Overcoming fear of social media

I have to admit I have a bit of a phobia when it comes to social media. Not only am I generally a private person who thinks the world doesn’t need to know every time I sneeze, the idea of leaving behind all those digital fingerprints kind of gives me the heebie-jeebies.  I feel the same way about cell phones and navigation systems that allow satellites to track your location. Perhaps the 1998 Will Smith/Gene Hackman movie, “Enemy of the State,” made too big of an impact on me. (Not that I’m a closet conspiracy theorist, but sometimes it does give you pause.)

So it’s a bit ironic that in my personal life I tend to lay low, yet in my professional life I have had a very public face for two decades as editor of various industry trade magazines, and I currently advise clients to build an audience using social media and email marketing, much the same way publishers do with the readers of their magazines.

I found when I was researching this topic that there is so much information out there that it’s overwhelming. For a company who is trying to overcome its fear of social media before diving in, the vast amount of advice may be a deterrent rather than the intended result. So here’s my take on the subject.

First, know your audience. According to small sample surveys I’ve conducted in the construction industry, nearly half of you are not using social media for business. Those of you that are, prefer Facebook and LinkedIn to Twitter. I often hear from construction professionals that they don’t bother with social media because the people they are trying to reach are not using it. Don’t let that fool you into thinking that no one is. I firmly believe that statistic is directly tied to another dilemma that the construction industry is facing—an aging and soon to retire workforce that is not replacing its workers at the same rate that they are leaving. In addition, as smart phones and tablets become more commonplace on the jobsite, social media usage will increase.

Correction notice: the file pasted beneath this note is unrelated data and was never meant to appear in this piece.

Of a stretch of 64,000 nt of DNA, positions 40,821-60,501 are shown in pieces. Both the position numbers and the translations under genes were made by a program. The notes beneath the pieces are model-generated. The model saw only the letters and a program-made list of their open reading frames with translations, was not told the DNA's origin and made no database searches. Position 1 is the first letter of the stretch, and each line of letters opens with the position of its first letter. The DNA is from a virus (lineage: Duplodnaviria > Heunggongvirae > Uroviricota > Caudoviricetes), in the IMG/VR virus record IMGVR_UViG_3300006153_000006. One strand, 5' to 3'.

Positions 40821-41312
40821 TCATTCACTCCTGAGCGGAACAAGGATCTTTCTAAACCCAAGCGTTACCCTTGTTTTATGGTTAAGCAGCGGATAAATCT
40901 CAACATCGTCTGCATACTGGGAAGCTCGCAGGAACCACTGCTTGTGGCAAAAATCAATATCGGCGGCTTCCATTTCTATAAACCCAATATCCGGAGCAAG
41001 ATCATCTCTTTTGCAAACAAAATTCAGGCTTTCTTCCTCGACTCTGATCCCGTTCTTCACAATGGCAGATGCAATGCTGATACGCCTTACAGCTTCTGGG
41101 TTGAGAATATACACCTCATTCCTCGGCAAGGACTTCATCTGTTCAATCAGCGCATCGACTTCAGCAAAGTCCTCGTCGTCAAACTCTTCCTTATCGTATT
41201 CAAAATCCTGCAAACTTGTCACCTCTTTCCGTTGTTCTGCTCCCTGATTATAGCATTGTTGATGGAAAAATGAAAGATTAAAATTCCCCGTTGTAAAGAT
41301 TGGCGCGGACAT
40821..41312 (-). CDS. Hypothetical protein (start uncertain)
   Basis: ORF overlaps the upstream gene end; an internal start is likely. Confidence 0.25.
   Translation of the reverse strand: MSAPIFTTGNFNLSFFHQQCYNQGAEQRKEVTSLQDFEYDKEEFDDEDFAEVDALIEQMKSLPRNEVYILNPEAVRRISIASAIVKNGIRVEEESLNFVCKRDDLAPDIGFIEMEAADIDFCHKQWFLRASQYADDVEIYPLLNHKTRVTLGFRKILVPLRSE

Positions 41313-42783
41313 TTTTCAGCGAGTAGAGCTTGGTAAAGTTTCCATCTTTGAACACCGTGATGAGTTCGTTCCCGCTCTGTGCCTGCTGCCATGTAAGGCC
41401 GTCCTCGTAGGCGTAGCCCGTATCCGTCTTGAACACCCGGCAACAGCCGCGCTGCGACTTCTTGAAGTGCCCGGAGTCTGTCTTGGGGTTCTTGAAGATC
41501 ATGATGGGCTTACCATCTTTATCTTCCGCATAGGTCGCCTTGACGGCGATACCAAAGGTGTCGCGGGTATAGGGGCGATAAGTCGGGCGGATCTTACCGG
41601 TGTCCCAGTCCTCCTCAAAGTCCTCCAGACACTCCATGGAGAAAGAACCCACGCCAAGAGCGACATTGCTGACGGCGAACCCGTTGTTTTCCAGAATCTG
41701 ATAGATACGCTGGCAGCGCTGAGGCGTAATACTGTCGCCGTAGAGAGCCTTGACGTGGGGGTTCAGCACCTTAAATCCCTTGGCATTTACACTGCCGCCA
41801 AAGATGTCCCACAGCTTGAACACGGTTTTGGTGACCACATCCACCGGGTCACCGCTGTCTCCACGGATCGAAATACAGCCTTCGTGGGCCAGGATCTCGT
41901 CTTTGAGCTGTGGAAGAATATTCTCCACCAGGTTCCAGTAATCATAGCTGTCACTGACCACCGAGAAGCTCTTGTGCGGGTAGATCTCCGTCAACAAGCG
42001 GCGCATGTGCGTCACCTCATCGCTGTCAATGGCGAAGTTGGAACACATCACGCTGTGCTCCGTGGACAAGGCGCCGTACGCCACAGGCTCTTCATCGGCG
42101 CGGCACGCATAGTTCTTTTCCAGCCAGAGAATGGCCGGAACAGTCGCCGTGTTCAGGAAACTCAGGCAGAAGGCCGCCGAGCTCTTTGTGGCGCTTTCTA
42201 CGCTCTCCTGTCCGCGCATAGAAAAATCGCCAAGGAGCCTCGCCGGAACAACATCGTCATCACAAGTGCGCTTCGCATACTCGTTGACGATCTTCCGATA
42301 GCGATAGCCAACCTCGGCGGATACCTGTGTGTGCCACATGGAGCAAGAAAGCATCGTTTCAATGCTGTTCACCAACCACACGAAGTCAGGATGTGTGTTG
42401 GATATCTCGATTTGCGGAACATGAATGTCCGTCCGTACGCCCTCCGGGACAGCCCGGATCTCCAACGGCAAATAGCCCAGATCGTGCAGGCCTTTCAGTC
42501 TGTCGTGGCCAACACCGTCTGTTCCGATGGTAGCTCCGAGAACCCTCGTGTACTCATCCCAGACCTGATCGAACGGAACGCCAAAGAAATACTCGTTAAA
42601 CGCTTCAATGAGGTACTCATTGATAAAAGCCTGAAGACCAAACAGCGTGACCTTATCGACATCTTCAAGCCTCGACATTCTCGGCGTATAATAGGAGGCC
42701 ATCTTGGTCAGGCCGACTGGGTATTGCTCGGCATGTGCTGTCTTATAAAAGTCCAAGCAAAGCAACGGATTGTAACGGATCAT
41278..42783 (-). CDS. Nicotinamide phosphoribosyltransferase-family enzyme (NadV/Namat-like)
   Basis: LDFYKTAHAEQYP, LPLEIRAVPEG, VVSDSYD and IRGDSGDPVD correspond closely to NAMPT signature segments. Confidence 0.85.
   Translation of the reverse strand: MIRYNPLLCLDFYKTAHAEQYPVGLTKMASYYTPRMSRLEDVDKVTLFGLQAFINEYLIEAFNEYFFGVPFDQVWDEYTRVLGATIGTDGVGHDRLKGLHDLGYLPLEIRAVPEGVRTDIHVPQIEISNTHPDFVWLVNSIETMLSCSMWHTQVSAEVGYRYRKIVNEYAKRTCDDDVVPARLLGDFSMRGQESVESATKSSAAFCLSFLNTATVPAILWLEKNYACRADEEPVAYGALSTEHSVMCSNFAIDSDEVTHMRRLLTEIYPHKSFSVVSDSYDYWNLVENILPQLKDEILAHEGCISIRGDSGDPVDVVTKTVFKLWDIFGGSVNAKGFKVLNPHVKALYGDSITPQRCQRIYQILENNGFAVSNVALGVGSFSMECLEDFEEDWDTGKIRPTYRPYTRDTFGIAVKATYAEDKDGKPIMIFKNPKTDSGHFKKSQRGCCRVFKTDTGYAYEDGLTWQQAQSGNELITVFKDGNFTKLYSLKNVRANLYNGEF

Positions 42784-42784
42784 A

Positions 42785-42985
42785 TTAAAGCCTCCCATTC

After you have a handle on what your intended audience is doing, consider not trying to do it all. As you take that deep breath before the plunge, just focus on one social media outlet. Get comfortable with that first before expanding to other platforms. As you do your own research, keep in mind that some advice is for beginners, other advice is for experts who are already neck deep and are trying to learn how to truly harness social media’s power. Look for information that fits the type of business you are. Retail businesses have different needs and goals than manufacturers. Consulting businesses are different from product-centric ones.

The next most common objection I hear to engaging in social media is that you don’t have time to manage it. I agree! It’s a bad idea to make this a one-person job. I suggest enlisting a team representing several different departments in your organization. Establish goals and a protocol with clear guidelines and then divide the responsibility up among several corporate voices.

Like any business plan, your social media strategy will evolve over time. Keep it simple and set short milestones. And don’t be afraid that jumping in means you can’t ever take a hiatus. It really isn’t a lifetime commitment. In fact, you may try it and find it’s not for you. That’s ok. Remember it’s just one layer of many marketing channels available to businesses today as they strive to increase market share and serve their customers.